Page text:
Tuesday, 20 November 2012

A Soup to Beat the Heat

It may sound like a broken record, but here it is again: Chinese soups were an important part of meals in my family.

In fact, my 4th aunt spent so much money on the soup ingredients that the pork sellers thought she was cooking for the army, instead of her 8-member family! The preparation of the soup would start early in the morning with military precision. One of the children would get the cooking corner ready -- earthen stove, charcoal, starter. A huge aluminium pot would be cleaned and made ready for use.

The dried ingredients would be retrieved from the fridge, scrubbed, and soaked in water. Some ingredients, such as dried octopus or dried sole fish, would even be grilled before use in the soup. Some Chinese herbs needed to be soaked the night before. The rest of the ingredients would be bought fresh from the market -- meat, vegetable, and sometimes, even fruits.

The sequence in which the ingredients were placed in the pot, and the boiling times, would be carefully observed. The temperature of the charcoal would be controlled, and approximately 4 to 6 hours later, the soup would be ready for dinner.

This was one of my favourites from my 4th aunt’s repertoire: dried mustard green soup. Dried mustard green is believed to be an effective agent in “cooling” the body during the hot summer season. It also provides high fibrous content to help cleanse the bowel system. However, extra fresh mustard green is added during cooking for extra flavor. Pork trotter is added for beauty-enhancing collagen, and for taste. That probably explains where the good complexion of my family members came from!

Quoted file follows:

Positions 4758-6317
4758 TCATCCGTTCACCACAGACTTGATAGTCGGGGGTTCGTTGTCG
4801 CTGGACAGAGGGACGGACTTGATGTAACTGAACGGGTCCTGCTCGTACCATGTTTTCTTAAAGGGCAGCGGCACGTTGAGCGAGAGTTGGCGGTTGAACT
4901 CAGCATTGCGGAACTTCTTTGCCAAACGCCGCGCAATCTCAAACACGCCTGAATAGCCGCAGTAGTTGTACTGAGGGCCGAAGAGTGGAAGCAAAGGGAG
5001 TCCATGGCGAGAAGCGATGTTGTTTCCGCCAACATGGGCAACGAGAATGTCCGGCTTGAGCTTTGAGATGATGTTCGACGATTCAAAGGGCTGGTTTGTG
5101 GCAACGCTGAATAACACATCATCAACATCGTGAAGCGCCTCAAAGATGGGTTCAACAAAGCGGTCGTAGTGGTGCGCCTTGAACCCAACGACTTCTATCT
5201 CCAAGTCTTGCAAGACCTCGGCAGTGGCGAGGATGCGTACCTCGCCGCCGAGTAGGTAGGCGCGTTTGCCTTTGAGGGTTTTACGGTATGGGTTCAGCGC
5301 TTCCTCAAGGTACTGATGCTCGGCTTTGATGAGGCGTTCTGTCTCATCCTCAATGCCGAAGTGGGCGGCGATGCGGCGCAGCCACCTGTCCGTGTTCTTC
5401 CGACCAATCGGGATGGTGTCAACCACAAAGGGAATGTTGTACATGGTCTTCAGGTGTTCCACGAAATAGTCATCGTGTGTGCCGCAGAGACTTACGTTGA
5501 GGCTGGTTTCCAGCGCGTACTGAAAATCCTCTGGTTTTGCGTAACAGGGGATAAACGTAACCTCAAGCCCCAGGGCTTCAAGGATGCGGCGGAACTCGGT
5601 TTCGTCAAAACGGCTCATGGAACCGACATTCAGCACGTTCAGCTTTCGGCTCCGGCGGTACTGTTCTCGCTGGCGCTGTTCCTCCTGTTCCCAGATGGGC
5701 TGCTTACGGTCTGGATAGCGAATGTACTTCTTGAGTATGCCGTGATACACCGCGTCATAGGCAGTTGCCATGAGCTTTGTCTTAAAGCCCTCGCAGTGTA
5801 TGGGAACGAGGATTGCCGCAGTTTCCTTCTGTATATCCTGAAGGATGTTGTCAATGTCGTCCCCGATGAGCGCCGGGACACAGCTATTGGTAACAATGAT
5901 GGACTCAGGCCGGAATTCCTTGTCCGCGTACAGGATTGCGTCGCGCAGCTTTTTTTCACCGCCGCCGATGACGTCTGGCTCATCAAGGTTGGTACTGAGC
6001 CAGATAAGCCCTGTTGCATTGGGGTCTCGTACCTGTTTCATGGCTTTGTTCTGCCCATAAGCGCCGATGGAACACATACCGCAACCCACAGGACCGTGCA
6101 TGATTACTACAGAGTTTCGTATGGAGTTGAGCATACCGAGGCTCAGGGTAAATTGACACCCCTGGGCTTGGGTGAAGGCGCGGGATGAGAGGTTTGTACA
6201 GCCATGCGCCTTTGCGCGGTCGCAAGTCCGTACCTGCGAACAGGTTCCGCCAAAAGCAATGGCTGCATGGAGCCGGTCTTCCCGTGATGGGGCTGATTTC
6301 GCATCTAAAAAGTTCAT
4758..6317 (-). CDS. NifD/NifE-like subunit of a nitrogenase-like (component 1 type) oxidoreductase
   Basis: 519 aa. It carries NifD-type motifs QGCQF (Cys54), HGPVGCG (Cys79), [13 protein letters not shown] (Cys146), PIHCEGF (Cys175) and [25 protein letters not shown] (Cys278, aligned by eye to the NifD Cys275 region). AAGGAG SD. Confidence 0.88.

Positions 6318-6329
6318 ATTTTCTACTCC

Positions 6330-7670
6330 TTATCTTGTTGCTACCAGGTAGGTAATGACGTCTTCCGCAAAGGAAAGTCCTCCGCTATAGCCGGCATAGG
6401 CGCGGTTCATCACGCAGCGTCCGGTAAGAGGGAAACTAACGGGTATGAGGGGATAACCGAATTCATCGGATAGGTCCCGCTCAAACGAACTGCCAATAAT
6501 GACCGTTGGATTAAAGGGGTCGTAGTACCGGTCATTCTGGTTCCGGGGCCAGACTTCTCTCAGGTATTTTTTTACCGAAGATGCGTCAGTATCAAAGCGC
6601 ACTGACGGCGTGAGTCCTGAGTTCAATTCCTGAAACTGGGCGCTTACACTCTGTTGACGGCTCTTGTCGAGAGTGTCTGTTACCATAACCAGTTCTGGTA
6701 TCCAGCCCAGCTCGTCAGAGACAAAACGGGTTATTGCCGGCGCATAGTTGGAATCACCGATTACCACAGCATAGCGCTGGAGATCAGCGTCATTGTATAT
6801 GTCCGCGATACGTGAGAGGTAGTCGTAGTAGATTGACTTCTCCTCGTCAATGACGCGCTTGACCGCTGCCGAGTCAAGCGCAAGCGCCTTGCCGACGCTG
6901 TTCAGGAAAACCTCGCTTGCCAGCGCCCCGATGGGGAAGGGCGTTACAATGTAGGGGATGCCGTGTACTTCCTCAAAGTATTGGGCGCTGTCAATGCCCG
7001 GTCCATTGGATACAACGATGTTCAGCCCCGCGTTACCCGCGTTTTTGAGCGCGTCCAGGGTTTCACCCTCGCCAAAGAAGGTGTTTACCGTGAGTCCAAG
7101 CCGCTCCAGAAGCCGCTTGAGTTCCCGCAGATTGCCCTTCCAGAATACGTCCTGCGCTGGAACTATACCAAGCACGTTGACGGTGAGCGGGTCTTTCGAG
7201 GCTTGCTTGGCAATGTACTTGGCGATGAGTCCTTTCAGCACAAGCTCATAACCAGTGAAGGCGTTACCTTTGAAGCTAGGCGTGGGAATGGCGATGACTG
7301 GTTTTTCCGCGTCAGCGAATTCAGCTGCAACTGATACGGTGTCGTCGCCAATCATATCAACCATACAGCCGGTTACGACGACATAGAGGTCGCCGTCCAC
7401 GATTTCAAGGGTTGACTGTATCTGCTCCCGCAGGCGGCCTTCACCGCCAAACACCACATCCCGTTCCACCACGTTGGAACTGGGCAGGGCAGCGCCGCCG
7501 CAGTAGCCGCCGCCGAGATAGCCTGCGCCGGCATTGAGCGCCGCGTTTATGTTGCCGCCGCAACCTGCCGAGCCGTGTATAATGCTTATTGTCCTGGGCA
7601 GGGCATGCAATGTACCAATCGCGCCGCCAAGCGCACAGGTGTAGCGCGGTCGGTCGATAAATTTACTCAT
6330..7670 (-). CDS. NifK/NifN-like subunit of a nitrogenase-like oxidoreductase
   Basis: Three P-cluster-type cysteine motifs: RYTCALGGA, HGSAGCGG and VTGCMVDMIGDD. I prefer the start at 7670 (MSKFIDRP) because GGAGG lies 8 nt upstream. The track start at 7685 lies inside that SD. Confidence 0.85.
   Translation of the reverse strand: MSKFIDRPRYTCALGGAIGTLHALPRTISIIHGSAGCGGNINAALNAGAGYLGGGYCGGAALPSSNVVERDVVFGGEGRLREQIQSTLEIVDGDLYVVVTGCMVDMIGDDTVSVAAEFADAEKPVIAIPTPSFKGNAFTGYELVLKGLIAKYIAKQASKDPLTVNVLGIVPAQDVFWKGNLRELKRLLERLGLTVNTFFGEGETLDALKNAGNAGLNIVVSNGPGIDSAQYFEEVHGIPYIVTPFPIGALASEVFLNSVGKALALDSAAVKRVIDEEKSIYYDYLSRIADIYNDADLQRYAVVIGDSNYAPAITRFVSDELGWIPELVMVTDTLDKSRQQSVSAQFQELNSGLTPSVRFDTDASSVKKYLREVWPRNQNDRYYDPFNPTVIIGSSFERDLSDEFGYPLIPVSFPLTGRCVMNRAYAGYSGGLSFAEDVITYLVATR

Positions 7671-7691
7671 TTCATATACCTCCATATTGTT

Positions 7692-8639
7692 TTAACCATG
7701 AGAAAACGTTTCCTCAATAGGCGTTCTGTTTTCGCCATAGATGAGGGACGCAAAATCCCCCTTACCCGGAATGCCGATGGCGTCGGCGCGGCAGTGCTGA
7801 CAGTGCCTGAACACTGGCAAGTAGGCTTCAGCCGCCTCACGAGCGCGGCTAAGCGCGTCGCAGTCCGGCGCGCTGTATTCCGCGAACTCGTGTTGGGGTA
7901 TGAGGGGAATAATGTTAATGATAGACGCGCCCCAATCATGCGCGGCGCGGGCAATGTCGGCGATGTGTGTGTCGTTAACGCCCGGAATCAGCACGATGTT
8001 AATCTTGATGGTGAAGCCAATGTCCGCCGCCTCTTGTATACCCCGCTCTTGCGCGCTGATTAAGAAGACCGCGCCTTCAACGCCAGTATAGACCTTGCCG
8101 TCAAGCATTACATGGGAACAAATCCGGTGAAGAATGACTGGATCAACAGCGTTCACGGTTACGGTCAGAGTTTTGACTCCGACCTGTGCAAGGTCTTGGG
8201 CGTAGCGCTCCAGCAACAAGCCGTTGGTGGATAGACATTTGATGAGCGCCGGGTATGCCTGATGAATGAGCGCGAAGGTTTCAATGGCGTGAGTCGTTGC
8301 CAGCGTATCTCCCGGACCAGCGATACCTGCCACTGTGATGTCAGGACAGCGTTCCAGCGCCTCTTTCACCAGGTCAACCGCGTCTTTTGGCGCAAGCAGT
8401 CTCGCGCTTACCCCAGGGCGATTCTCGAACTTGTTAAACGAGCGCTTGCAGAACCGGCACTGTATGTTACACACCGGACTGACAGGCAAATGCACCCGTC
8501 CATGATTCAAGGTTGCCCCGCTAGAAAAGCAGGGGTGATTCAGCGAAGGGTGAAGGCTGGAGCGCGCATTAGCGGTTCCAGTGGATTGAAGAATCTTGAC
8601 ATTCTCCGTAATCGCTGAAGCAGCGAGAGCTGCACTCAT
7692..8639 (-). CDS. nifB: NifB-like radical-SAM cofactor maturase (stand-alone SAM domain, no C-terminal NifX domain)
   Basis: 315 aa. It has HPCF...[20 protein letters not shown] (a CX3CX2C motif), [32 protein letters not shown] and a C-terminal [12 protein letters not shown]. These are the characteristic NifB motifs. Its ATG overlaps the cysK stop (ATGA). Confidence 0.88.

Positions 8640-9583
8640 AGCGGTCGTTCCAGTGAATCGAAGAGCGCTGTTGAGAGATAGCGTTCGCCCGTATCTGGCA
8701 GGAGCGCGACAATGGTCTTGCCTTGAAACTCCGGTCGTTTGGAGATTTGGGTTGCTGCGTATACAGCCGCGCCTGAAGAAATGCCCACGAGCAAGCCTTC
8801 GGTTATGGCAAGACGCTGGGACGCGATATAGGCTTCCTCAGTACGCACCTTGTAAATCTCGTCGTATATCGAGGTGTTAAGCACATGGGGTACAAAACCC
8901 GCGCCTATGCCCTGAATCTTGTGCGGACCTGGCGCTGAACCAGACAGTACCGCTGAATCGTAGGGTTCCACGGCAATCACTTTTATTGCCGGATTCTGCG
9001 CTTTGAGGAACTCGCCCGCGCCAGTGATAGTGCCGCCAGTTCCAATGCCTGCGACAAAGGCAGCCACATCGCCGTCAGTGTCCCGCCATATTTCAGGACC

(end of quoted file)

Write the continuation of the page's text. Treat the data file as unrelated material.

Dried Mustard Green Soup with Pork Trotter

Dried mustard green   100 g, soaked and squeezed dry
Bai choy                       100 g
Chinese almonds         20 g
Dried red dates            10 g, soaked for 30 minutes
Dried fig                       20 g, soaked for 30 minutes
Pork trotter                  500 g
Chicken feet                300 g
Water                           5 litres
Salt                               ½ tbsp
Soy sauce                    2 tsp

  1. Blanch pork trotter and chicken feet for 5 minutes in 2 liters of water. Drain and keep the water. Sieve all impurities from the water and add in another 3 liters of water.
  2. Add dried mustard green to the water and boil for 10 minutes.
  3. Add the rest of the ingredients and continue to boil for another 10 minutes. Lower the heat and simmer for 2 hours. The liquid would be reduced to about 3 litres. Do not add any water during simmering. If need be, add only boiled water.
  4. Season it with salt and a dash of soy sauce.